Loneliness in Fantasy Fiction

I have a guest post today from Steve Gladwin, Wales-based druid bard, storyteller and blogger, co-creator of the mindful storytelling site Stories of Feeling and Being, as well as the author of The Seven, discussing the place of loneliness in fantasy fiction.

Steve wrote to me–via this site–to share his enthusiasm about the books and ask to interview me, which he did in two parts. Since then, we have struck up a corresepondence. Steve is one of the few who commented on the emotional aspect of my novels, which I was eager to hear, since to me they are very emotional and I work hard to (attempt to) make them that way. Since one of my goals is to bring the blank Arthurian characters to life, of course I want to make their emotions real and relatable, as well as to convey the thrills and heartbreak their stories can evoke, so I was very happy to hear that the novels had an emotional impact on him.

One of the things I love about writing fiction is that it reveals hidden aspects of oneself as a writer or one’s preoccupations that one doesn’t necessarily intend, so when you see them emerge in one’s writing you understand a bit more about yourself. In this case, Steve observed that several of my characters struck him as very lonely. This was a surprise to me, as I hadn’t intended to convey any of thm in this way, but as I thought about it, I had to admit it was true.

From the first novel, Merlin’s mother Meylinde is isolated and alone. First her whole family is killed, then she is locked in a tower, only able to trust herself. Then Merlin, her son, must often reflect that he is the only one of his kind of earth, and can never truly encounter anyone who understands him. In the second novel, Vortiger, who Steve responds to especially, has backed himself so into a corner in life that normal human companionship is forever lost to him. And then Uther, in the third novel, is so desperate for love that he is losing his sanity–and his kingdom–over it.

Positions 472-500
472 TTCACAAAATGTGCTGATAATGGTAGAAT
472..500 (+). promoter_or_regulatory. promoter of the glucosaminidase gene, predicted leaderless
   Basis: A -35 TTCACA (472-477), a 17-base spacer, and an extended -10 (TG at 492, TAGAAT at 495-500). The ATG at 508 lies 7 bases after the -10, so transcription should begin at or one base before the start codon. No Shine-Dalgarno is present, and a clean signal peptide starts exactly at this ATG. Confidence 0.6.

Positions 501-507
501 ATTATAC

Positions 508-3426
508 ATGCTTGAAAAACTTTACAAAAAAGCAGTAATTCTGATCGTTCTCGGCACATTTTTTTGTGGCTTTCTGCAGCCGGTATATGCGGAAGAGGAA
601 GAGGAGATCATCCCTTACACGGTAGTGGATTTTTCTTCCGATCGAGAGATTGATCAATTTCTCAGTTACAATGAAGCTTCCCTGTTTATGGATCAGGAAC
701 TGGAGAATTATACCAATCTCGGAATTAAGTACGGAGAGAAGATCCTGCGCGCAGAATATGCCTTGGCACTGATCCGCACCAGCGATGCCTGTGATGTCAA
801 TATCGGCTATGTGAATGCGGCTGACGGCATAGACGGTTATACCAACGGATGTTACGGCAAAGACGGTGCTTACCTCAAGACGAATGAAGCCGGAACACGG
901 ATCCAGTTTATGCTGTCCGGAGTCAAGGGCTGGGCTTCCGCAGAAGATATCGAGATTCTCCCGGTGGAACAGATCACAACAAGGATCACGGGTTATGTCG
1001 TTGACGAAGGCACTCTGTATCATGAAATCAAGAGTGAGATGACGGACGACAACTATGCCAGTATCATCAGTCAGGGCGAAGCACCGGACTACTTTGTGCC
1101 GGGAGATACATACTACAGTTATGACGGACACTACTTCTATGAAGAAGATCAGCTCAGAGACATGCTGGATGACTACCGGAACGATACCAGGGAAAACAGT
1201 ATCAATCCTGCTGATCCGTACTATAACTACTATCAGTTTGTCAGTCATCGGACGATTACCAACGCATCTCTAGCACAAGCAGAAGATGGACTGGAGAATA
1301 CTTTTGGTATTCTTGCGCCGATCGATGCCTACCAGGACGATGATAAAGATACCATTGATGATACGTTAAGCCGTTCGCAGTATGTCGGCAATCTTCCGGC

I hadn’t ever really thought about it that way before… although I have realized in the past that I like my characters to endure the greatest hardships possible, haha. But it did make me reflect on how my own emotional states make it into my writing, and also on how isolated these characters are in the original Arthurian legend… for if the lonely king and others of his court appear in fantasy fiction, the King Arthur legend is surely one of the largest inspirations for them.

So please, head over to read Steve Gladwin’s Upon the King: Thoughts on Loneliness in Fantasy Fiction.

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